Get affordable patents in the US as an inventor- applicant
If you are an inventor, especially, if you are an engineer or engineering student engaged in inventing, you need to know about affordable patenting in the US.
I was granted four US patents. You can click here to visit the website for three of my patents.
In my working with engineering students and engineers, I find them disinterested in inventing because they ASSUME it is not worth spending effort and time on inventing because they think they cannot afford to patent their invention, anyway.
Because the cost of getting patents using the services of patent attorneys is out of reach of a typical college student, I give them the following advice:
I tell engineering students, “When you reach a point in your life, when you can afford the cost of a patent attorney’s services, I encourage you to use an attorney’s services. In the meantime, when you cannot afford the services of a patent attorney, I recommend applying for, and securing AFFORDABLE patents from the US Patents and Trademarks Office (USPTO) as a pro se patent-applicant (that is, without the services of a patent attorney).”
The very thought of applying for patents is intimidating to engineers and engineering students. However, some students, especially the potential serial inventor in my class, readily accept my suggestion, and are eager to learn the process and apply for patents without delay, sometimes before the end of the semester.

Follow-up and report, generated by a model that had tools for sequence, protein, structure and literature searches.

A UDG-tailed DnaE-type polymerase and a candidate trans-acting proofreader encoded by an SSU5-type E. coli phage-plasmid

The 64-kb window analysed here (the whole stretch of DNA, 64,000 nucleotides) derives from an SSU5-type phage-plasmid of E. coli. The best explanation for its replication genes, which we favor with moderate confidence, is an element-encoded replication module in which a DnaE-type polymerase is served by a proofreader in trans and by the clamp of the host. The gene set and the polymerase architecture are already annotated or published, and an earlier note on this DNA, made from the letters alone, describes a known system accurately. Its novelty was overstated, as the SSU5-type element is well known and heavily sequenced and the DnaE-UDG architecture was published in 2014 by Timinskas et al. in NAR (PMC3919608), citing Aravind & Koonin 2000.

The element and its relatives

USPTO is serious about helping you
A little known fact about the USPTO is the requirement that all patent examiners at the USPTO must assist the pro se applicant to obtain a deserving patent, as described in the Manuel of Patent Examining Procedure’s (MPEP) Section 707.07(j).
Read Section 707.07(j) of the MPEP
Parts of the MPEP section are reproduced below:
Qouted from MPEP
What can we conclude about pro se patent applications from reading the above Section of MPEP?
In unambiguous terms, this section of the MPEP requires the following seven actions from USPTO patent examiners in conducting fair and fast examination of pro se applications for patents:
Therefore, I recommend the covering letter addressed to the Commissioner of Patents accompanying patent applications from pro se applicants to include these sentences:
“Please examine this application in the context of MPEP Section 707.07(j). I look forward to working with you in the spirit of this Section of the MPEP. If any of my claims need a revision, I look forward to receiving your version of the allowable revised claim.”
Student patent applications may not result in 100% perfect patents sometimes, but it is likely to be better than no patent at all, because even a patent issued to a pro se applicant enables the inventor to license the patent for a royalty, or use it to start a business. With each patent application, and interaction with the patent examiner, the pro se inventor gets better at preparing future patent applications. The author's book has extensive material to familiarize engineering students with the patenting system and the USPTO.
My students are encouraged to search the millions of published patents and patent applications on the USPTO website and/or Google Patents, and become educated about similar patents granted by the USPTO, and become savvy before writing their patent application including patent claims.
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